After the death of American jazz musician and longtime Spokane resident Billy Tipton in 1989, the media was thrown into a frenzy after Tipton was outed as being transgender. This came as a shock to everyone, even Tipton's family, but the way the media told the story erased and disrespected his gender identity.
The new film No Ordinary Man, opening Friday at the Magic Lantern, seeks to rewrite Tipton's narrative by including the perspectives of members of the trans community in the retelling of Tipton's story.
"For me, the opportunity to use Billy Tipton as a way in which to investigate transmasculine history and to think about transmasculine representation and world-building in the contemporary moment was most exciting," says Chase Joynt, who co-directed the film along with Aisling Chin-Yee.
The film includes a combination of audio clips, photos, videos and newspaper clippings relating to Tipton and his family. These clips are interspersed with scenes of transgender actors auditioning for the role of Billy Tipton and reflecting on the scenes in which they portray him, and clips of members of the trans community talking about how transness relates to the Billy Tipton story and the way the media portrayed him after his death.
In the way the media told Tipton's story, he began wearing men's clothing to fit in with his other band members at the time and to be more successful as a jazz musician, since jazz was a man's world. The media said Tipton then chose to present himself as male full-time, and in doing so it erased Tipton's identity as trans by presenting him as a woman masquerading as a man for success. However, the film explains that in the 1940s, when Tipton was making a name for himself as a jazz musician, it was possible to be a woman in a big band.
Although Tipton grew up in Kansas City, he eventually became a touring jazz musician in the Pacific Northwest. He later moved to Spokane, and started a family with a woman named Kathleen "Kitty" Kelly, with whom he adopted and raised three sons.
The film explains that in the way Tipton's story was told by the media, it made it seem like he was trying to fool people about his identity, and was found out. At the time, the word "transgender" was not widely used in the United States, so there was no word yet to describe Tipton's identity.
No Ordinary Man demonstrates this and the poor treatment of transgender people by the media by incorporating clips in which Tipton's family members were interviewed by a talk show host. Although Tipton's son, Billy Tipton Jr., and Kelly always referred to Tipton as a man and used he/him pronouns when referring to him, the interviewer not only referred to Tipton as a woman and misgendered him, but asked intrusive questions of his family members.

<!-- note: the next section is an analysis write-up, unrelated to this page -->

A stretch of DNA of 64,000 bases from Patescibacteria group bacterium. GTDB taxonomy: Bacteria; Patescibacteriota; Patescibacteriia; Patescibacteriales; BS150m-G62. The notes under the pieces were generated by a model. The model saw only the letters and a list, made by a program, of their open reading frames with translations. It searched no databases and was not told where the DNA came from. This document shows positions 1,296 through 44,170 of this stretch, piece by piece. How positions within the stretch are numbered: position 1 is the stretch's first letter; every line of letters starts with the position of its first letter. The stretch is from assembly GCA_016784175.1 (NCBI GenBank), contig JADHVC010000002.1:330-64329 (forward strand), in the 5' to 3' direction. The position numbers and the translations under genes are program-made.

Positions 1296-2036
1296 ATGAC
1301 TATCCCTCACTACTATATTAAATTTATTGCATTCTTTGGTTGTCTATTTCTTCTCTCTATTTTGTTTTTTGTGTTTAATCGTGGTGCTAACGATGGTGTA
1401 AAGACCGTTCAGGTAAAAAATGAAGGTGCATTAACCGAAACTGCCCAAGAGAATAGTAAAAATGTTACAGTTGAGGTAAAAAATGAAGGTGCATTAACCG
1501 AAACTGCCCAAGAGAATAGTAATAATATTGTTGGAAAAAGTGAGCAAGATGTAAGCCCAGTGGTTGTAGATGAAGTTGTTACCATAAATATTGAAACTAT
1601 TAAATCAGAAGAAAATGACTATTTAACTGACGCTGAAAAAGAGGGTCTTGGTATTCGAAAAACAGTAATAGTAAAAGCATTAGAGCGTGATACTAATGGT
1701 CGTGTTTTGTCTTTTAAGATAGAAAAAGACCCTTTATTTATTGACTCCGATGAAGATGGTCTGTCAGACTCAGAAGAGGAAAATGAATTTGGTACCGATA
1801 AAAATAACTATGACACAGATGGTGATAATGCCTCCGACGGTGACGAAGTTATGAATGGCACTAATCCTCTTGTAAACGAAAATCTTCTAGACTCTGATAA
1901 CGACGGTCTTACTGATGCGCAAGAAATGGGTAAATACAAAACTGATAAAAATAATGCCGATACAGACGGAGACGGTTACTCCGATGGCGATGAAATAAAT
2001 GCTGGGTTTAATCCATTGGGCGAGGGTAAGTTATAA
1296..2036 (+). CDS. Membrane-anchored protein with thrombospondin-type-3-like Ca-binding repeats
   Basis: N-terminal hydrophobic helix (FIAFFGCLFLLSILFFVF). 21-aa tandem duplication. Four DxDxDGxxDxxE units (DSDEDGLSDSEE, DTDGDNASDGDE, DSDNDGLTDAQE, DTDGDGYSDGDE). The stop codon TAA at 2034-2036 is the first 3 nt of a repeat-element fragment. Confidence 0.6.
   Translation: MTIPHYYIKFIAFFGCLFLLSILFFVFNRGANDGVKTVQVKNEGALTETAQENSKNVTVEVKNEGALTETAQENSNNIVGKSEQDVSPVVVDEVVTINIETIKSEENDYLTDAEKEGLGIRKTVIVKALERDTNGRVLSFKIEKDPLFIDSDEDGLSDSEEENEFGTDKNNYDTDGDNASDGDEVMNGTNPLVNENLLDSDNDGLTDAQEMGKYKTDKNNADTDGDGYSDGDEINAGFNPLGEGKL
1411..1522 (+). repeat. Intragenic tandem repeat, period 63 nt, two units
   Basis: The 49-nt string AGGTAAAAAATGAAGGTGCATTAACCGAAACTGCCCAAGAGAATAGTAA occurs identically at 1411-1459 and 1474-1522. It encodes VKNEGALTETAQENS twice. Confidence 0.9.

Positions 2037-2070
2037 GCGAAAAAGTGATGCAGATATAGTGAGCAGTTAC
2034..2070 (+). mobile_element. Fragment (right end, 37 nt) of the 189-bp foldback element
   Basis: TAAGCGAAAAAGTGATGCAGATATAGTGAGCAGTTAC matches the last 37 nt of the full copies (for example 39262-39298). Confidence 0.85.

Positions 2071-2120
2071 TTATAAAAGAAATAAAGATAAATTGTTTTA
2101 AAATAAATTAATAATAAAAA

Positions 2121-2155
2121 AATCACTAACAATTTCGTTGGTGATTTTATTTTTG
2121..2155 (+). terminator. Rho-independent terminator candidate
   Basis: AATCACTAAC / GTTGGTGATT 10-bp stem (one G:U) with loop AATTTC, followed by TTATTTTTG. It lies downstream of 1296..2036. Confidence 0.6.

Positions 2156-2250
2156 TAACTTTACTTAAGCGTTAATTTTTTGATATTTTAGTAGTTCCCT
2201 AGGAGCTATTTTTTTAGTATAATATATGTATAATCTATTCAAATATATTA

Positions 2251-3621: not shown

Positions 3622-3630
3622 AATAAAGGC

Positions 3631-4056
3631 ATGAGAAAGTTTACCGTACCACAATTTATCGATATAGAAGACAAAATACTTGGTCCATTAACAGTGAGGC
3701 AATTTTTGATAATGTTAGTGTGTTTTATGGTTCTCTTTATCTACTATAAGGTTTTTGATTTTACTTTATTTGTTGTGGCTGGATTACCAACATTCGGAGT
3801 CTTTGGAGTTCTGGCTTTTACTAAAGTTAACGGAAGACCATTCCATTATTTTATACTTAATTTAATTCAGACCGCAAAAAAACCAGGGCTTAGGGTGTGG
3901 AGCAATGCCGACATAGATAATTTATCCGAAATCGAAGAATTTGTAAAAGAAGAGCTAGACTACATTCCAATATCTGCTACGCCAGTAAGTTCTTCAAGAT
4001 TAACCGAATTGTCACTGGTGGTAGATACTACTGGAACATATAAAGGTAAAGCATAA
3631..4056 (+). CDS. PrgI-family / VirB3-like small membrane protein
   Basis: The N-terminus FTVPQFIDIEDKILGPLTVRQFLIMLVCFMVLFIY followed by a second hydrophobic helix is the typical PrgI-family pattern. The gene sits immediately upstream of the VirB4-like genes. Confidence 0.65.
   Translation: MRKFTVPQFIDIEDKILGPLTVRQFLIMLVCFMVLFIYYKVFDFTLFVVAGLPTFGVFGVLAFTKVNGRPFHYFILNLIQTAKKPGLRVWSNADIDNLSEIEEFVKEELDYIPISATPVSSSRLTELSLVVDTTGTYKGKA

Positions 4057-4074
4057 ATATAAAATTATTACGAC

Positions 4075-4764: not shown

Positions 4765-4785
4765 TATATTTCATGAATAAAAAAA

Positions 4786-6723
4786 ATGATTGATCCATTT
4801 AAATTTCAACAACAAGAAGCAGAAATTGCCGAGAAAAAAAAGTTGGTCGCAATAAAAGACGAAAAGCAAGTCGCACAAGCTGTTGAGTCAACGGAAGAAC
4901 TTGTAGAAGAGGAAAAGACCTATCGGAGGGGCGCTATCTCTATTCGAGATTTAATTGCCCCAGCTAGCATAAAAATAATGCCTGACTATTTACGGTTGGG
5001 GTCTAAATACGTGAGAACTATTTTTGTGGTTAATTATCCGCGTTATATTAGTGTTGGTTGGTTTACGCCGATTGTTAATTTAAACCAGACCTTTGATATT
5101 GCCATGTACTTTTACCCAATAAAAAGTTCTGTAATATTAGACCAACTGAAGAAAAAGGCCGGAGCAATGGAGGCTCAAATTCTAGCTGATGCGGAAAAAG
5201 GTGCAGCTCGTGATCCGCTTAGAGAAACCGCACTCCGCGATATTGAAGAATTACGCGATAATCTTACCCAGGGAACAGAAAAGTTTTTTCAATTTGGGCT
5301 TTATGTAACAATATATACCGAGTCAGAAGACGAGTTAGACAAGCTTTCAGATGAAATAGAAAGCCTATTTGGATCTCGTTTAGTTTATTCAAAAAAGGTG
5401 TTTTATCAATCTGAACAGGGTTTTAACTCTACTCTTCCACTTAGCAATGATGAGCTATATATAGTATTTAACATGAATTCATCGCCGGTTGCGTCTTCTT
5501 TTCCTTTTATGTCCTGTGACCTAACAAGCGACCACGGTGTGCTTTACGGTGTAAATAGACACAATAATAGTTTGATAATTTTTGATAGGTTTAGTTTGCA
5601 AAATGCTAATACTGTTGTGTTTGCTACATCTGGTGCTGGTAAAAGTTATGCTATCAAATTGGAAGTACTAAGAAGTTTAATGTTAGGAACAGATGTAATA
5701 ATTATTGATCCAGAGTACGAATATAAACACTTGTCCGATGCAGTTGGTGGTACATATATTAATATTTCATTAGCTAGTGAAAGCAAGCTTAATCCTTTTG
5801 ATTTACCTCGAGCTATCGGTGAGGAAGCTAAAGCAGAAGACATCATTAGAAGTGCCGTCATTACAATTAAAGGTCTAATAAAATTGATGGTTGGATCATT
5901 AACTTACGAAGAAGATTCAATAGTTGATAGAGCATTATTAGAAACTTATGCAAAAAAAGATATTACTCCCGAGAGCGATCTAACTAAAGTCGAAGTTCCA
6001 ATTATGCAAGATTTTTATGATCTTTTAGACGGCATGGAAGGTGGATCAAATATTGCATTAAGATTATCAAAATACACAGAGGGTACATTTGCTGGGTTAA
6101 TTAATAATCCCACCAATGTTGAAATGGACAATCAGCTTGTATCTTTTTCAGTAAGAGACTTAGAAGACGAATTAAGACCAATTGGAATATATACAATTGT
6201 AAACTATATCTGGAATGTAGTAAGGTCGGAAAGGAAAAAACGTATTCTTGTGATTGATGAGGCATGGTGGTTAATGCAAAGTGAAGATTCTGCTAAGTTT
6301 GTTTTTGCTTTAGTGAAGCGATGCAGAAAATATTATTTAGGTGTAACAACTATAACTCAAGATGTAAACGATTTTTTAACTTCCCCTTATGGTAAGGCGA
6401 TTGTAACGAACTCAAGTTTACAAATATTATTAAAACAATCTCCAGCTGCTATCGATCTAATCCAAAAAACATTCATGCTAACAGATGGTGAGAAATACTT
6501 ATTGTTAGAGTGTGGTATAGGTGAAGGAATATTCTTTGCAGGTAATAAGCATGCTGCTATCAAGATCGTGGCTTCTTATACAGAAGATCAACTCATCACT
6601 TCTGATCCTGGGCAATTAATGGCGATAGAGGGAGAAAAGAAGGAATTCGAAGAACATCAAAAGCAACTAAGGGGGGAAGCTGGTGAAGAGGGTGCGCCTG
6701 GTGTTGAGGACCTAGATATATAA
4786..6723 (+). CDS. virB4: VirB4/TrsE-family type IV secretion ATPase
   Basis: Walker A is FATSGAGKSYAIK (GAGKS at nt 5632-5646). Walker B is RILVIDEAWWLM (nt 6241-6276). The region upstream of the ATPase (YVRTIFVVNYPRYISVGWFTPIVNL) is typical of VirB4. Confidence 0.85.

A crucial point brought up by one of the speakers in No Ordinary Man is that transgender people often feel unsure of whether or not they will be honored as trans after they pass away, because much of the media does not portray trans people in a sympathetic light or perpetuates negative representations of them.
This is exemplified by how Diane Middlebrook, who wrote a biography of Tipton, did not believe Kelly when she told her that Tipton was a man and that she did not know he was transgender, and wrote the biography in a way that erased Tipton's identity.
No Ordinary Man is both powerful and impactful because it provides a respectful representation of Tipton's life, as told from the trans community and by Tipton's son, who recounts memories of his father. It includes a multitude of trans voices, from the actors to the speakers to some of the filmmakers, who all speak to their own shared and individual experiences, making it an important watch to learn about trans history and issues the trans community faces.
"At the very foundational level, I hope that our film is an example of what happens when you center the voices of those who are most impacted by the stories you tell, and that everyone plays a role in the making and shaping of history," says Joynt.
Joynt along with a few speakers in the film express that marginalized people have become good at finding people who reflect their own experiences and identities that came before them in history, and that Tipton was one such person. In a heartfelt moment in the film, speakers explain what questions they would ask Tipton if they could, letting the viewer see what Tipton and his story mean to them.
"I liked that there was such ambiguity about Tipton's life," Joynt says. "I adore the fact that he did not leave a journal, that there are no moving images of him, because I think everybody deserves the right to privacy, and I think also we're allowed to look back historically and try and find people who help us make sense of our lives and experiences and identities." ♦